Temur Aetherworks

This is undoubtedly the scariest deck in the format, as it is capable of dropping a turn-four Emrakul, the Promised End or Ulamog, the Ceaseless Hunger thanks to the power of Aetherworks Marvel.

Matthew Nass's Temur Aetherworks

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Game plan: Get to six energy by combining various Puzzleknots, Attune with Aether, or Aether Hub. Play Aetherworks Marvel and flip an Eldrazi. Use Glint-Nest Crane and Kozilek's Return to make sure you don't die in the meantime.

Key Features:

Weaknesses: This is such a one-note deck that disruption in the form of counterspells can be quite difficult to beat. It can shrug of artifact removal and outrace aggro, but cards like Negate and Ceremonious Rejection are challenging.

You Should Play This If: You don't want to interact with your opponent's deck (and you like slamming Emrakul on turn four). This deck is particularly good in a field of red-white and black-green midrange.

Black-Green Delirium

Black-green got aggressive all of a sudden, and Eric Froehlich played the following list to an 8-2 finish at the Pro Tour.

Eric Froehlich's Black-Green Delirium

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Game plan: Attack the opponent with efficient creatures backed by removal spells and pump spells. Use Servant of the Conduit to support a higher curve than most aggro decks.

Key Features:

Weaknesses: Black-green is slightly slower than most of the red-white builds (which is also why it does well in those matchups—you want to be a little bigger in the aggro mirror). That means it's vulnerable to decks like Aetherworks Marvel and may not always be able to pressure control before Torrential Gearhulks start raining down.

You Should Play This If: You liked the black-green deck from last Standard. This deck preys on a field of smaller aggro decks, and can demolish unprepared opponents thanks to Blossoming Defense.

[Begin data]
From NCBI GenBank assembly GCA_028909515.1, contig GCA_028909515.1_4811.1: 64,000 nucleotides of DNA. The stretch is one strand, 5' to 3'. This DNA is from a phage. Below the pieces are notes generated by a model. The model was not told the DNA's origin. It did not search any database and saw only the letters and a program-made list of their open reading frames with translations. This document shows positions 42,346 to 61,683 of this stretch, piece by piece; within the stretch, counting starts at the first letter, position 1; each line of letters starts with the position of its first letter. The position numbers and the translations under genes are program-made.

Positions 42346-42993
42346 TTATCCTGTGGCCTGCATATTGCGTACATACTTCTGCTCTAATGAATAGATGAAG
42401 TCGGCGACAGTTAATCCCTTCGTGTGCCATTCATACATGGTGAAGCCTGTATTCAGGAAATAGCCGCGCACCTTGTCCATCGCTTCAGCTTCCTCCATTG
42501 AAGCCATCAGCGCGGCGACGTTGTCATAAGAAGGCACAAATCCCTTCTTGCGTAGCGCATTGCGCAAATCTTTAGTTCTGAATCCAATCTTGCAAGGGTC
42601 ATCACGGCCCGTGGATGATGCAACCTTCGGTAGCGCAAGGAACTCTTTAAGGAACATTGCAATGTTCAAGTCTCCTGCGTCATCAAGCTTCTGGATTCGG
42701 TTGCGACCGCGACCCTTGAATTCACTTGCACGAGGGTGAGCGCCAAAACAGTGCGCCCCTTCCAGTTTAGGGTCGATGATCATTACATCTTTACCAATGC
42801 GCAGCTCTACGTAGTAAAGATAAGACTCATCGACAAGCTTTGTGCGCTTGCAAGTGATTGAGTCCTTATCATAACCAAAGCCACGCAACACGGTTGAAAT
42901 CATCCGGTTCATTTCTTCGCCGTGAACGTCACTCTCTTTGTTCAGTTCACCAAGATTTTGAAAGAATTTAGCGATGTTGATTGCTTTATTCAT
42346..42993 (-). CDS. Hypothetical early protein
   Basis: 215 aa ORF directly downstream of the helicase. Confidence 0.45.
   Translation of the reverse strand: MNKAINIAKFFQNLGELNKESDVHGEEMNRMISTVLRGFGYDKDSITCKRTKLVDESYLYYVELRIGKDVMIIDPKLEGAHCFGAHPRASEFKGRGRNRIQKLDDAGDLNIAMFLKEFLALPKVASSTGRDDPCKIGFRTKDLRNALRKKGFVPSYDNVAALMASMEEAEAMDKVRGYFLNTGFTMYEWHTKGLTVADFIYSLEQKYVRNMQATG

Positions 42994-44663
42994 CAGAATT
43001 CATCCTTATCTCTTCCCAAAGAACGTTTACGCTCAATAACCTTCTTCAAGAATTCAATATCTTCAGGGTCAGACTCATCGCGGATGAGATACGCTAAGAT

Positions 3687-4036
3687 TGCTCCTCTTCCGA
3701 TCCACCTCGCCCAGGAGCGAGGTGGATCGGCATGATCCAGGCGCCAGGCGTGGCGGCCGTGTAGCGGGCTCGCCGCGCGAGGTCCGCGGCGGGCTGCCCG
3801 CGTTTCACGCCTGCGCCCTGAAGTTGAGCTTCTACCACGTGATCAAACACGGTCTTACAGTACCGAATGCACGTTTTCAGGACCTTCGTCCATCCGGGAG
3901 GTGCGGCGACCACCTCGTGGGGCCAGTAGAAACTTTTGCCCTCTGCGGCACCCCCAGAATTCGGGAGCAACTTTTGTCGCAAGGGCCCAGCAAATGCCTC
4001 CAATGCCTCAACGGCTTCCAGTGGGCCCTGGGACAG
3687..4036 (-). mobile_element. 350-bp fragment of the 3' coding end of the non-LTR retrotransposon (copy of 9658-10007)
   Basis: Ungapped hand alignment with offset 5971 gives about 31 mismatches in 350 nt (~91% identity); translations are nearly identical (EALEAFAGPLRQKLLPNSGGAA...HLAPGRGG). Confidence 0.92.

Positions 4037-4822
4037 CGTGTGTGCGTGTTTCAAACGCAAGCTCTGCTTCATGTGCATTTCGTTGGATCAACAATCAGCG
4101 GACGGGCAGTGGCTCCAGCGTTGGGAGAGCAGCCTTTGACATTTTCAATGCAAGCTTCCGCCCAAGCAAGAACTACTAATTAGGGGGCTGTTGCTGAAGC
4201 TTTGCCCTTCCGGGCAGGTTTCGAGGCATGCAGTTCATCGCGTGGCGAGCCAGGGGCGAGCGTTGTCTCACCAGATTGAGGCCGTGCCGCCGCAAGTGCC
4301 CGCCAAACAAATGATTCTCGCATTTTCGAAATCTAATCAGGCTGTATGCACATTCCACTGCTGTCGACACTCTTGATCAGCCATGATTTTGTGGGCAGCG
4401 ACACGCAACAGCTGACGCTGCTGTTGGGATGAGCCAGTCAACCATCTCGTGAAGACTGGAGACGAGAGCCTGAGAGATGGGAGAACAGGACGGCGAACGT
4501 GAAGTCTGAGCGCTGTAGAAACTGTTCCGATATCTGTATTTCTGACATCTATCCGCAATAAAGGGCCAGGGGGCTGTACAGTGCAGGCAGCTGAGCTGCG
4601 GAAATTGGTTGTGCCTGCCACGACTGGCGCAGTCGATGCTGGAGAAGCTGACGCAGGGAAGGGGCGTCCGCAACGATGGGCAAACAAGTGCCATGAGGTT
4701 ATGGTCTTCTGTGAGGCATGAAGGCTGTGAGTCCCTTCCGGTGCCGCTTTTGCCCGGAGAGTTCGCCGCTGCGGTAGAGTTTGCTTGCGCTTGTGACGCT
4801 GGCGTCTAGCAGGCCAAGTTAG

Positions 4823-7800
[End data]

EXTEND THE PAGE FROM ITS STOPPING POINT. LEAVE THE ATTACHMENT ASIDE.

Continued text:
White-Blue Flash

The last deck I want to talk about is the best-performing deck of the Pro Tour if you look at the 8-2 or better lists. That happens to be white-blue midrange, which Joey Manner took to a Top 8 finish.

Joey Manner's White-Blue Flash

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Game plan: Use cheap threats to establish a board presence, then punish the opponent with flash creatures like Spell Queller, Rattlechains, and Archangel Avacyn.

Key Features:

  • It's one of the few decks that utilizes Reflector Mage.
  • Spell Queller and sideboard counters make the deck very good against linear decks like Aetherworks Marvel.
  • The deck is very difficult to play against because it operates at instant speed.

Weaknesses: This deck suffers against slower control decks, as Reflector Mages and removal are largely dead and the amount of pressure blue-white can apply is often not sufficient.

You Should Play This If: You like passing the turn with all your mana up. This deck is also a great choice in a field full of Aetherworks Marvel, and has a robust game against red-white.

What Should You Play This Week?

Whatever deck speaks to you most! As usual, I'm a firm advocate of playing to your strengths, and there's a ton to choose from when looking at these decks. If you want an aggressive deck, a control deck, a combo deck, or a midrange deck, there are decks for you.

LSV